The work ran ahead of schedule through much of the project, but in May 1910 it hit a major obstacle that was not technical but financial. City officials had been financing the work by selling bonds on Wall Street. The rapid pace of the work had led the city to sell these securities at a faster rate than had been specified in a contract with their brokers. Now a fall in the market led the brokers to curtail their purchases. They would buy no new bonds until the contracted schedule caught up with the number they had already purchased. Mulholland was forced to trim his payroll from 3,900 to 1,100. He managed to keep some work going through the following months, but it was a year before bond purchases resumed and the project could proceed again at full steam.
Another delay came in the summer months of 1913. With the aqueduct nearing completion, project officials had begun to test it by allowing water to flow through one section after another. In particular, this procedure would test the siphons, a form of hydraulic construction that dated to the ancient Romans. They were to carry the water across canyons. A heavy pipe would run down one side, across the canyon floor, and up the other side. Water, seeking its own level, would flow through with no need for pumps. But such a design put the lower reaches of a siphon under great pressure. In Jawbone Canyon, for instance, an 850-foot drop demanded steel pipe more than an inch thick.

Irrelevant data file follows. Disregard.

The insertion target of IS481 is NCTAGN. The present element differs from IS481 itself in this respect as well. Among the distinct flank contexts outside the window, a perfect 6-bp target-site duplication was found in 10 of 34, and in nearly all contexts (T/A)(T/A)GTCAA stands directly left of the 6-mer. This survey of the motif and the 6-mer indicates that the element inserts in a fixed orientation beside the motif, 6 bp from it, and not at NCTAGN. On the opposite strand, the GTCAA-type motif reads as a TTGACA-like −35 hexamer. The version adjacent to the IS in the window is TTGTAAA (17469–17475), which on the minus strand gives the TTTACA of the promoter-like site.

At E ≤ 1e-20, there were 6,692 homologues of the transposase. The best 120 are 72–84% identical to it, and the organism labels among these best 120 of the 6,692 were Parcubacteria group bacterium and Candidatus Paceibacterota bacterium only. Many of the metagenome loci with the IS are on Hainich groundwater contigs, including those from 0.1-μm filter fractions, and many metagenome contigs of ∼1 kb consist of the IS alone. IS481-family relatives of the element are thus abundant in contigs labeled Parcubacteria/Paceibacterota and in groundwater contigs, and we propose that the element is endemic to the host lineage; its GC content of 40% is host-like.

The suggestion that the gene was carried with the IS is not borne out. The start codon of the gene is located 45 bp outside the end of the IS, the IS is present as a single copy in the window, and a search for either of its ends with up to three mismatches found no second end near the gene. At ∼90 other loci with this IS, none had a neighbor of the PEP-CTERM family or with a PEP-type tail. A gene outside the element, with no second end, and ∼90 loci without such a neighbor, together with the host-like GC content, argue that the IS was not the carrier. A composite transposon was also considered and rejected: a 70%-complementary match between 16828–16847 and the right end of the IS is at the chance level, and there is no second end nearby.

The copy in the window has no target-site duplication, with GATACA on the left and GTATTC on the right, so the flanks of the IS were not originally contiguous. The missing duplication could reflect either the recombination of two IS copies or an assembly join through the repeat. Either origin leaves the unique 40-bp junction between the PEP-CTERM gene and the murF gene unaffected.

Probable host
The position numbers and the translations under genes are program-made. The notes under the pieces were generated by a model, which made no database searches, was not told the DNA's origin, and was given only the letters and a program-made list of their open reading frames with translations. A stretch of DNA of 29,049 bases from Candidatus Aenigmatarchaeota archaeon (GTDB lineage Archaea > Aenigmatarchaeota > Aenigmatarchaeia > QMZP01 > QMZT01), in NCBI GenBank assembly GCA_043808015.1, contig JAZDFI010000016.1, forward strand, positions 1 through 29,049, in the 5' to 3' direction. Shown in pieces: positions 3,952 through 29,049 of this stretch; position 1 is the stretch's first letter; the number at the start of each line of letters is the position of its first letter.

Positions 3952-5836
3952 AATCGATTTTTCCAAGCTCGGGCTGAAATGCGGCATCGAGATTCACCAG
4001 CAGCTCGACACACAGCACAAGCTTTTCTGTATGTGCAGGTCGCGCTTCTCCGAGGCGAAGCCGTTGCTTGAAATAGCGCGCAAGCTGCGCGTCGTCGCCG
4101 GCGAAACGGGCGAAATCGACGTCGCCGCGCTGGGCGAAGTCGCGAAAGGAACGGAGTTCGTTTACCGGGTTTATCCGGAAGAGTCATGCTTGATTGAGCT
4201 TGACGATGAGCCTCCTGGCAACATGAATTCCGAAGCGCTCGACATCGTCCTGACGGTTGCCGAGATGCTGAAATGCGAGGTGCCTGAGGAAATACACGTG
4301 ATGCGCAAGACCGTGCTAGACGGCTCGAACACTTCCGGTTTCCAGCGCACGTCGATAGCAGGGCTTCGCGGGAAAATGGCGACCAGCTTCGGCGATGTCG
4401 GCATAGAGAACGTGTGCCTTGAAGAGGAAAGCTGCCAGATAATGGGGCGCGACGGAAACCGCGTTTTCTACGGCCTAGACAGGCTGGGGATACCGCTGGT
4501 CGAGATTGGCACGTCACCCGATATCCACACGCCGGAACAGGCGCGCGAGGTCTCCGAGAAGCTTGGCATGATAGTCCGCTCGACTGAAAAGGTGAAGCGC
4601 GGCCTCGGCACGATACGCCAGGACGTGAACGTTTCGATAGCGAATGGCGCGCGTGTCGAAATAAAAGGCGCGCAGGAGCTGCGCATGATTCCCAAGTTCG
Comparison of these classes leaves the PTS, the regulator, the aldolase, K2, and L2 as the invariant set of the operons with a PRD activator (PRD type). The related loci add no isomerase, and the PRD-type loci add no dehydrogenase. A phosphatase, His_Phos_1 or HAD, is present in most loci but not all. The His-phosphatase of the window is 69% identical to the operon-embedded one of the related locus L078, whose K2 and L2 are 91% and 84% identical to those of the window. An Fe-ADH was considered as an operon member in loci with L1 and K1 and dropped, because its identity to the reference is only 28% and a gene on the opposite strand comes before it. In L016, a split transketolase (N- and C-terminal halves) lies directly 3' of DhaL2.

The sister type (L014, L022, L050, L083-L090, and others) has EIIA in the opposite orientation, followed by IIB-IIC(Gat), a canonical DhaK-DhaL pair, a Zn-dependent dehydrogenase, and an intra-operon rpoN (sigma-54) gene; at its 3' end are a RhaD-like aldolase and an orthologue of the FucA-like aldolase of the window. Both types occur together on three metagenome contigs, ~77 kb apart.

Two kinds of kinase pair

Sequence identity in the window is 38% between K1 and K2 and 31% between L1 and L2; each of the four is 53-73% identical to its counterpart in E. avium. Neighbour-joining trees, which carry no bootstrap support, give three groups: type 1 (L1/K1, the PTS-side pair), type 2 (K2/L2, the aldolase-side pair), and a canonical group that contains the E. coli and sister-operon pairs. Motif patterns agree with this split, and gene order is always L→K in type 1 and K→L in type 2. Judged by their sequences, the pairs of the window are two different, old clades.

Most of the siphons were built entirely of such pipe, but one in Sand Canyon relied on tunnels bored through rock. In March one of these tunnels failed. The pressure lifted the entire covering, and as water spouted into the air, the canyon wall came loose and fell into the ravine. The only solution was to build an all-steel siphon, a job that took until September. That was the last significant interruption. The work was finished on time and within budget.
The city’s population meanwhile had tripled in a single decade, reaching 319,000 in 1910, all without benefit of any Owens water. And people had felt the pinch; in dry times some of them had kept their faucets open all night long to catch a few meager drippings in pans. But in early November the aqueduct was ready. At its southern terminus in the San Fernando Valley, around forty thousand people gathered amid great enthusiasm, as if to welcome a king.